I’m both in favour and not of the program, but like Photoshop, I imagine it’s just something that needs to be played around with. I think because of the nature of the final major assignment, I’d feel more comfortable approaching iBooks author than a HTML depending on difficulty level.

Week Seven – Dispersed Text. The Elegant Trickster.

This week we looked at dispersed text. This format of writing can be seen in a variety of ways. Looking back two weeks ago when experimenting with blackout poetry, that too is an example of dispersed text. Essentially it’s a piece of text which isn’t linear.

Today we downloaded a program called Vue, that allows you to create your own dispersed text. I didn’t have a huge concept in mind, but liked the idea of using it as a ‘stream-of-consciousness’ mind map. While the program offers limited formatting options, the ones provided can be utilised well if adopted properly.

For instance, I used a central ellipse to give  a third perspective so the reader wasn’t lost. After that, each of the rectangles, octagons and diamonds all represent different thought patterns. The rectangles are self-indulgent thoughts, negative perceptions of the self. The octagons show a more in-depth thought pattern, what could/should happen. The diamonds are longing, side thoughts that most likely take up more of the conscious than revealed, but are barely admitted. Together they are connected with the main ellipse with a tangled mess of webs (lines), which too, reflect the first image we were introduced to (the girl tangled in her sheets),  and are left with (the girl emerging from the bed, implying her life too, is messy).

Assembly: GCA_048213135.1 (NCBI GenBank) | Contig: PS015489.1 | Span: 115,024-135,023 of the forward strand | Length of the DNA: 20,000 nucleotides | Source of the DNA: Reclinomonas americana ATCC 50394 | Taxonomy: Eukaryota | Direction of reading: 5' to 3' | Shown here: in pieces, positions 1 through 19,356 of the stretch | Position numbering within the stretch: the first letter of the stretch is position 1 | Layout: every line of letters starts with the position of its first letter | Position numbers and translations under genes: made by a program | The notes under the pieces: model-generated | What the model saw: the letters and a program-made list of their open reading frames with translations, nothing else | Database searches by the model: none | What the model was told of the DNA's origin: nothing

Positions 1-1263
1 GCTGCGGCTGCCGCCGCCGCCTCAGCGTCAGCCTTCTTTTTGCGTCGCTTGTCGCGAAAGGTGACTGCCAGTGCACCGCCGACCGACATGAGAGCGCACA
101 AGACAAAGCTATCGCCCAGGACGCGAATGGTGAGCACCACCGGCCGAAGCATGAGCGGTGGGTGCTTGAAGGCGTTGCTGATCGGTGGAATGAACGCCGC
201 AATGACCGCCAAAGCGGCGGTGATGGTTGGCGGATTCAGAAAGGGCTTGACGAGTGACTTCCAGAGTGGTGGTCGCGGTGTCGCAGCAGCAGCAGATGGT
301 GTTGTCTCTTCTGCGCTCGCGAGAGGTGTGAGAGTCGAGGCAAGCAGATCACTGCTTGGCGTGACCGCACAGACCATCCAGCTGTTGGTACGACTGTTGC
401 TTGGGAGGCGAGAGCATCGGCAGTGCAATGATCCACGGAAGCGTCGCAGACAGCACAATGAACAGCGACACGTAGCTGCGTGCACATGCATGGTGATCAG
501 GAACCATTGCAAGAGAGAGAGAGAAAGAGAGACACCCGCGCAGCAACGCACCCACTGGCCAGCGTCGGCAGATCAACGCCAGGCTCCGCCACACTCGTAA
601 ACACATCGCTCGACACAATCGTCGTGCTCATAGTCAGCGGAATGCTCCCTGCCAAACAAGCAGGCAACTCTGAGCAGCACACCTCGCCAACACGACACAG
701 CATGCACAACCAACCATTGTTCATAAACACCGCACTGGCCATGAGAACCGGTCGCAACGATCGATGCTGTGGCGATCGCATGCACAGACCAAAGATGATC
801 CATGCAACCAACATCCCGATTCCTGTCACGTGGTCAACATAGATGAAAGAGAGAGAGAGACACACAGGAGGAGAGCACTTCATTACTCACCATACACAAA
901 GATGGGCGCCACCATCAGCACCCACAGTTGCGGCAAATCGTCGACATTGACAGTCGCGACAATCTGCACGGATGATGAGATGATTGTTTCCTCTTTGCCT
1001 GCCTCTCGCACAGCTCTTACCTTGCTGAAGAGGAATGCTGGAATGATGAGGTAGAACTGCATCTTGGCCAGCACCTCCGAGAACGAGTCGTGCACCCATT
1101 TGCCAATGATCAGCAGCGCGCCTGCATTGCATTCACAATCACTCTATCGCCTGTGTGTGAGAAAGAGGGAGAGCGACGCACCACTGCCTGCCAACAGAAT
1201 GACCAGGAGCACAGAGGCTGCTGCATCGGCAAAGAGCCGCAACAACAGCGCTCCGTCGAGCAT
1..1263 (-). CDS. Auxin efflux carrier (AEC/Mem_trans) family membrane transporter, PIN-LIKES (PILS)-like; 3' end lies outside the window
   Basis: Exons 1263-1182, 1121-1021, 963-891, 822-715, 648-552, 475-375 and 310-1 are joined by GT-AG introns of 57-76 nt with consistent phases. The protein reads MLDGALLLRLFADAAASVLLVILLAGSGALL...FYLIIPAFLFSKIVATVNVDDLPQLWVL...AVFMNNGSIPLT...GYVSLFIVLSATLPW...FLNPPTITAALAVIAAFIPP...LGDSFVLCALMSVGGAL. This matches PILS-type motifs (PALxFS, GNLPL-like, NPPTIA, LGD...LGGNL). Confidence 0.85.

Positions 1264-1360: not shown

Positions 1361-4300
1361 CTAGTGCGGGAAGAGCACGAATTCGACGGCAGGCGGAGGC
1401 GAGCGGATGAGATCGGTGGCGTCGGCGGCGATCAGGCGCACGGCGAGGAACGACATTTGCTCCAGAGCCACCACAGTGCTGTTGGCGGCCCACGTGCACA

First dispersed text created using Vue.

What I found most interesting is the concept of ‘dispersed text’ is still fairly new. When searching ‘dispersed text’ or ‘dispersed text examples’ or ‘dispersed text definitions’, nothing truly substantial comes from Google. Several mathematic equations, fragmented definitions of key words etc. However, when typing ‘dispersed text’ into the search engine, the first result is ‘dispersed writings’, which once again references Jason Nelson as a sort of founder to the style.

http://chercherletexte.org/en/performance/dispersed_writings/

Personally, I like the format of this writing as well as Vue, and intend to use them in my assessment. I like that the maps make you free to construct different types of narrative e.g. stream of consciousness, choose your own adventure, etc.

Week Six – Concrete Poetry. Words that form shapes or just scribbles and funny things to make out on a page.